Bis and Binaries?

BCN 118 cover

This originally appeared in BCN issue 118, April 2013

American bi research quarterly Journal of Bisexuality gave us all a treat in February as its entire back-catalogue became free to browse for the month. That included the latest edition, which had a stimulating piece titled “The Black Sheep of the Pink Flock: Labels, Stigma and Bisexual Identity”
In this, April Scarlette Callis reports back on a 17 month project talking with 80 people of various gender and sexuality identities in Lexington, Kentucky.  A city with an urban area of a little over half a million people: big enough for an LGBT community like those in reasonably big British cities, albeit with the cultural differences of being on the other side of the Atlantic.
April’s starting theory is that bisexuality, in entering the wider consciousness, will break down the binary of gay-or-straight and so challenge other binary thinking.
Her findings start with remarks from straight and gay identified interviewees, with a nuanced gender divide around whether they or their friends would date bi people.  There is a common theme – reflective perhaps of the narrative in the popular press – that bi men are ‘really’ gay and bi women are ‘really’ straight, or that at the very least both will end up in relationships with men after an experimental stage that might include a wider variety of partners.  Asked what they think of bis we have a catalogue of worn cliches – disease spreaders, unfaithful, lying and so on.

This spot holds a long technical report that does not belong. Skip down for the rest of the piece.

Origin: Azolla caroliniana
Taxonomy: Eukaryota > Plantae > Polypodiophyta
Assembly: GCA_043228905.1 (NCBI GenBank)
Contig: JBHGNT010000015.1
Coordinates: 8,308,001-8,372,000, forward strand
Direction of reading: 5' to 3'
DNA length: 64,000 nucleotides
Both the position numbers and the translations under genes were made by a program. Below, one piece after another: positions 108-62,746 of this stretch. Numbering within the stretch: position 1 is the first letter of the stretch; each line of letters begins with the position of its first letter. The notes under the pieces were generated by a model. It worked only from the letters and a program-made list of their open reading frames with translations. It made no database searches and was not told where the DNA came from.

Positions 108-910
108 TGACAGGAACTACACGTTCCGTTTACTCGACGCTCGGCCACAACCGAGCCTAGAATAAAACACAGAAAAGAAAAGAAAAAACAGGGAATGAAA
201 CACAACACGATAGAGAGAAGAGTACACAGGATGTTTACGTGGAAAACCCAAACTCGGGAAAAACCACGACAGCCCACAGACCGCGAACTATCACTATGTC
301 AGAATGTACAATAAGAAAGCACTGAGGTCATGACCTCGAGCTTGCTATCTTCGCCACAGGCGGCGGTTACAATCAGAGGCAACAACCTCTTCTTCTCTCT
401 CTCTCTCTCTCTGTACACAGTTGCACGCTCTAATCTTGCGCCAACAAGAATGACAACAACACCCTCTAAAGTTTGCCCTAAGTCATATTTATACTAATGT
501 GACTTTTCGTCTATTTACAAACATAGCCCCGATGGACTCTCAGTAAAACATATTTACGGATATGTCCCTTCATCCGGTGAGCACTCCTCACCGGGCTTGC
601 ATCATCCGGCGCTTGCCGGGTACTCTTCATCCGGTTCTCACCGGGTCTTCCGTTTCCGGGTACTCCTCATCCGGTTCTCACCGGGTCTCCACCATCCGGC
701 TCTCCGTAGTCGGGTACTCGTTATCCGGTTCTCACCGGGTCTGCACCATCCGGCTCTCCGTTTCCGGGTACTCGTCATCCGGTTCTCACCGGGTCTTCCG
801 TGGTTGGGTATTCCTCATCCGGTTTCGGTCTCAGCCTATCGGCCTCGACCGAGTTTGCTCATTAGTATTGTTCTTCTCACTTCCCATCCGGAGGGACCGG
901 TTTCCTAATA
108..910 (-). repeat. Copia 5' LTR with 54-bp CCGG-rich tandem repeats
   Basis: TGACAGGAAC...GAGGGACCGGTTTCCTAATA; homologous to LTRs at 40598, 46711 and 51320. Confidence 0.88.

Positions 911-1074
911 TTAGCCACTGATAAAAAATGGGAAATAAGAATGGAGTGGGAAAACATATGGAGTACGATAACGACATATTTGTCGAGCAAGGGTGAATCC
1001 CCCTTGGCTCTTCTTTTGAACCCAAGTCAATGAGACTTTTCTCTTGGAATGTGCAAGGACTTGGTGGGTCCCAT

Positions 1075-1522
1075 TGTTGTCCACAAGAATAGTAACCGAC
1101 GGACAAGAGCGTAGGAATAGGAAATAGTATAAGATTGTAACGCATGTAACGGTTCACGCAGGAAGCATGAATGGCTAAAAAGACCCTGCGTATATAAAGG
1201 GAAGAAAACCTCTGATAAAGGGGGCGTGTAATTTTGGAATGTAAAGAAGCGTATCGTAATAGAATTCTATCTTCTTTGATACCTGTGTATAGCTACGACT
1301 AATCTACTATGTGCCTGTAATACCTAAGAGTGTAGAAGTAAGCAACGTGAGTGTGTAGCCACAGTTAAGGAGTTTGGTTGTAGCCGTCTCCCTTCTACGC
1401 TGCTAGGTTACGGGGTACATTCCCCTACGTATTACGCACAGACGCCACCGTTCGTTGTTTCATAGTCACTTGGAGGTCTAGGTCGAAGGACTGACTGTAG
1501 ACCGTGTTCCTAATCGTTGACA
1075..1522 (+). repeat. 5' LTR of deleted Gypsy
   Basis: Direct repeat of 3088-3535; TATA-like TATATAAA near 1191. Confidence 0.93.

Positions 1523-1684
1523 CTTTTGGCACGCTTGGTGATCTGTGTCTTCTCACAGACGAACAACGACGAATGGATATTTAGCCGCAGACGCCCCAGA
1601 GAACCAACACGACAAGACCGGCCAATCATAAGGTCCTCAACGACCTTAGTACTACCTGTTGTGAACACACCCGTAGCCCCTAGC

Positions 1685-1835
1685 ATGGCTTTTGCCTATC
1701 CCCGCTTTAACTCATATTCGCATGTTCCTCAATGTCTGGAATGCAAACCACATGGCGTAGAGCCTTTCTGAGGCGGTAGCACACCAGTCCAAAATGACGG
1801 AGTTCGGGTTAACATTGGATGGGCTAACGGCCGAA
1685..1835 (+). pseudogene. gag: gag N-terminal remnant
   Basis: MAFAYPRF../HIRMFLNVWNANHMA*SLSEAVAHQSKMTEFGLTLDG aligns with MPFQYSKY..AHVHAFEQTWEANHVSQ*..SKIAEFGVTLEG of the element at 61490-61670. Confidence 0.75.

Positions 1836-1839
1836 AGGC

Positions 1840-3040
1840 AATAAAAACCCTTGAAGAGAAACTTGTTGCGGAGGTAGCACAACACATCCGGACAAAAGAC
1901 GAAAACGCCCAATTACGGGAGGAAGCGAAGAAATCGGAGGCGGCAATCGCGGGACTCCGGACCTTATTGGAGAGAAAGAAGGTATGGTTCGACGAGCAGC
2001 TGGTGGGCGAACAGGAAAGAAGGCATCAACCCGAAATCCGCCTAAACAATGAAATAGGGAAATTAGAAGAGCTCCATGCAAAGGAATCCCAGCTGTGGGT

Some non-binary-identified research subjects meanwhile attack identity as bi for not being radical enough and implying two discrete attractions.
The bi identified and behaviourally bi participants reflect different aspects of biphobia: the way we take on board the negative things about bis we get from received social wisdom, and so often end up not identifying as bi because we are “not that kind of bi”.
All those stresses are perhaps part of why of the 37 interviewees who don’t identify as straight or gay, only five have identified as bi for a long period of time, and some twenty – a quarter of the interview pool – are “ex bis” who used to use that label and now describe their sexual orientation differently.
April concludes the fragmentation of identities encompassing being attracted to more than one gender is damaging the potential to get beyond straight and gay and break the binary.  I’m not quite persuaded – I think what’s going on in those debates is more shifting and less frozen than a research snapshot can reflect – but it’s a thought provoking exploration about where bi people and a bi movement wants to get to, and how.